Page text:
December 1 - repreat field vision test documented 2nd decrease in vision

December 5 - visit with the neurointensivist, where we asked dozens of questions to try and get the best understanding of what is going on.

{ what happens next }
Right now, we wait:
  • We wait to see if my vision is restored, which would likely happen within the next few months if it's going to happen.
  • We wait to see if there is another bleed.
  • We wait to see if I ever develop more symptoms.
  • We wait on the Lord, which is something He has already walked me through once before and I know He'll do it again.
Next appointments: 
  • Angiogram in early January to get a better picture of the cavernoma and what the blood vessels are doing.
  • Repeat vision field test in 6 weeks to see if vision has improved, stayed the same, or decreased.
  • Follow-up with neuro-ophthalmologist in February to check on my vision and see how I'm coping with any still-present vision loss.
  • Follow-up with neurointensivist in March to discuss any change in symptoms and re-assess our current options.
Continue to collect information: 
  • There's no known treatment or prevention for these bleeds, but I'm always up for entertaining ideas of how to promote brain health. If you have any, please email me!
    •  I'm currently seeing my chiropractor (with modified adjustments), using essential oils, and taking some supplements (looking at adding magnesium threonate and spirulina).
    •  I eat a healthy diet full of veggies, seeds (flax/hemp/chia), beans, some meat, some grains, and very limited dairy and sugar. 
    • I limit caffeine, do moderate exercise 1-2/week (outside of caring for 3 small children!), and get decent-ish sleep (despite said 3 small children).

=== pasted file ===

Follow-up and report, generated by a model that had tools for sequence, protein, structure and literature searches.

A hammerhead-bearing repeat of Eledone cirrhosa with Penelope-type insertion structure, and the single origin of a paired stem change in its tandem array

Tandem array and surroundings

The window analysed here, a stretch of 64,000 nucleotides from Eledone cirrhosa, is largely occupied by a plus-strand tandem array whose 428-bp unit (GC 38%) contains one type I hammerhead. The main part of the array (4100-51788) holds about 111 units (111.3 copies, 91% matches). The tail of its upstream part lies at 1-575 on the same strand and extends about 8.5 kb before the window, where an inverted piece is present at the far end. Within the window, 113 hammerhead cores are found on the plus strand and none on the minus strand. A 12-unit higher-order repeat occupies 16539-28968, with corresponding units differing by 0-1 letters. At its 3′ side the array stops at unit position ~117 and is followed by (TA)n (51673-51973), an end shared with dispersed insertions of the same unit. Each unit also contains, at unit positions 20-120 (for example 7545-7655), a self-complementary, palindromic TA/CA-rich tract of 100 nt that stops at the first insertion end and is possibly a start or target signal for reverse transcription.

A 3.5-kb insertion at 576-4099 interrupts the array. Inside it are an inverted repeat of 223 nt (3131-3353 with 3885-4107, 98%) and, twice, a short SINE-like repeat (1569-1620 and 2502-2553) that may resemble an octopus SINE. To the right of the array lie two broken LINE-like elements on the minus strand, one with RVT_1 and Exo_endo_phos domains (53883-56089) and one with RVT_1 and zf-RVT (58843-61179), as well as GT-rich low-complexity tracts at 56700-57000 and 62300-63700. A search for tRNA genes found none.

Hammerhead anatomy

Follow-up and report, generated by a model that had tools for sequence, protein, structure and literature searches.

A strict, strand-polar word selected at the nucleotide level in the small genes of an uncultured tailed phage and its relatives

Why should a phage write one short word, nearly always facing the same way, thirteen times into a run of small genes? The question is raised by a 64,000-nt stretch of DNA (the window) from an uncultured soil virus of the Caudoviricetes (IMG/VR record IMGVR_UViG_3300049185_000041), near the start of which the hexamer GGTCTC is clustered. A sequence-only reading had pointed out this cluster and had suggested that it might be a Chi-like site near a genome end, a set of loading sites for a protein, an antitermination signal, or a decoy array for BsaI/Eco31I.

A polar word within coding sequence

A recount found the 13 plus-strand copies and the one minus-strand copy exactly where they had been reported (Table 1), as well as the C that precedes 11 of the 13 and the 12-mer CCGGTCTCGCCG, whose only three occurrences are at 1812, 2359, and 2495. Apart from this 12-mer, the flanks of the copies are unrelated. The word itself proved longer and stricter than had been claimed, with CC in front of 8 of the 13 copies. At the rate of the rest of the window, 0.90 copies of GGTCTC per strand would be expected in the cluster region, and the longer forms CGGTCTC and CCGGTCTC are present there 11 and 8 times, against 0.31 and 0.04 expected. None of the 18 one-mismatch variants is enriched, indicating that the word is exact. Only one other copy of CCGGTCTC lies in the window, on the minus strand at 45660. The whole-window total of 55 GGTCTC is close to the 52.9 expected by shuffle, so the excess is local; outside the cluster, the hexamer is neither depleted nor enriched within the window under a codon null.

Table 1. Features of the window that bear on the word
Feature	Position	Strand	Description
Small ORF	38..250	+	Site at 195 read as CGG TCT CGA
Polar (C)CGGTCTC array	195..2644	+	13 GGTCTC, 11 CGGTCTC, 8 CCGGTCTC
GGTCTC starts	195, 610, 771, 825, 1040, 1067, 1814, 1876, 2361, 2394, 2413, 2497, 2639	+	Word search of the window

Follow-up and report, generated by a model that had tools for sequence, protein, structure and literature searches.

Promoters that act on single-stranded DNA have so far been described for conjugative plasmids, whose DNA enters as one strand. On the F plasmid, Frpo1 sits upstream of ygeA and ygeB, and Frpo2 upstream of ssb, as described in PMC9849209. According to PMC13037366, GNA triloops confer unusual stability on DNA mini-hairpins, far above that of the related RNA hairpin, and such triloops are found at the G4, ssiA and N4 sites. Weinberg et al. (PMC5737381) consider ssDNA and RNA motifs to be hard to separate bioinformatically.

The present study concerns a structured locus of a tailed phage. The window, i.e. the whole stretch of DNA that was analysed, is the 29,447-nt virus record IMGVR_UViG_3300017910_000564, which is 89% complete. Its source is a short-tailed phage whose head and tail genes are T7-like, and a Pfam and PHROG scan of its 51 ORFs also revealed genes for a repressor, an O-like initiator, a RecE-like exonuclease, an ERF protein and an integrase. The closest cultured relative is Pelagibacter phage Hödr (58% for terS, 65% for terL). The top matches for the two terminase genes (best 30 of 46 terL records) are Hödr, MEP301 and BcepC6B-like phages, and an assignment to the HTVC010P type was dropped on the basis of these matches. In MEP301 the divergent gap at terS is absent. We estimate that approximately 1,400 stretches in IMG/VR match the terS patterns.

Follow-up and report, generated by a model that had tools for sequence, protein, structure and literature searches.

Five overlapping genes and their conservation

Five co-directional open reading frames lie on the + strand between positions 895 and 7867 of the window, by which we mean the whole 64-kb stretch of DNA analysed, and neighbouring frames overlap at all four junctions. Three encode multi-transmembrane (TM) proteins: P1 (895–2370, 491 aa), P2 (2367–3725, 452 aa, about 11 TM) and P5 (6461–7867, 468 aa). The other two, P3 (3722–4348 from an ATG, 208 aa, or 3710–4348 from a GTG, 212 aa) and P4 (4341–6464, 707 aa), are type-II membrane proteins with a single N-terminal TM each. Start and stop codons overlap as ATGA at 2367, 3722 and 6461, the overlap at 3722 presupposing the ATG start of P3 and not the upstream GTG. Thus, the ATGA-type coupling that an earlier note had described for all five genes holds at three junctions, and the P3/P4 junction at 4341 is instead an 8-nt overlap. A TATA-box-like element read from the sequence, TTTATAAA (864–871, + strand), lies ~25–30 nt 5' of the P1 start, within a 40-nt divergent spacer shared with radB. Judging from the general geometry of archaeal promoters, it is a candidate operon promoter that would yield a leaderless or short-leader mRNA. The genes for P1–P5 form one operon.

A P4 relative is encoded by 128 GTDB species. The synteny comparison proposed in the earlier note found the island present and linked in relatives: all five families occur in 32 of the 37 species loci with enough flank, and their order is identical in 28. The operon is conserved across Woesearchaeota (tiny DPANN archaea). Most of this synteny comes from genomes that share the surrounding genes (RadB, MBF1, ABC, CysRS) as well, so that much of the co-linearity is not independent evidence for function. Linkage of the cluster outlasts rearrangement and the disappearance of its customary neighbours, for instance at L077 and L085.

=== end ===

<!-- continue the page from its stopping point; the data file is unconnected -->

• I have three main doctors overseeing my care, but am open to second opinions!
    • Dr. Karrick is my optometrist at Edmonds Eye Care who does the field vision tests
    • Dr. Hamilton is the neuro-ophthalmologist at Swedish Cherry Hill, he is overseeing the vision loss related to the cavernoma
    • Dr. Loh is the neurointensivist at Swedish Cherry Hill, he is overseeing my care related to the cavernoma
    • In the coming weeks, I'm potentially meeting with Dr. Monteith (neurosurgeon at Swedish) and/or Dr. Sekhar (neurosurgeon at UW/Harborview)
I've found this website as a great resource:, but would love to read (slowly, haha!) other sites with information. If you know anyone who has this condition, I'd love to talk with them.

{ praises }
  • I only have ONE cavernoma!
  • It's only bled ONCE (that we know of) and it was a small bleed!
  • My cavernoma is NOT hereditary, meaning my kids have no increased risk of this condition!
  • I only have vision loss; no seizures or loss of gross motor function!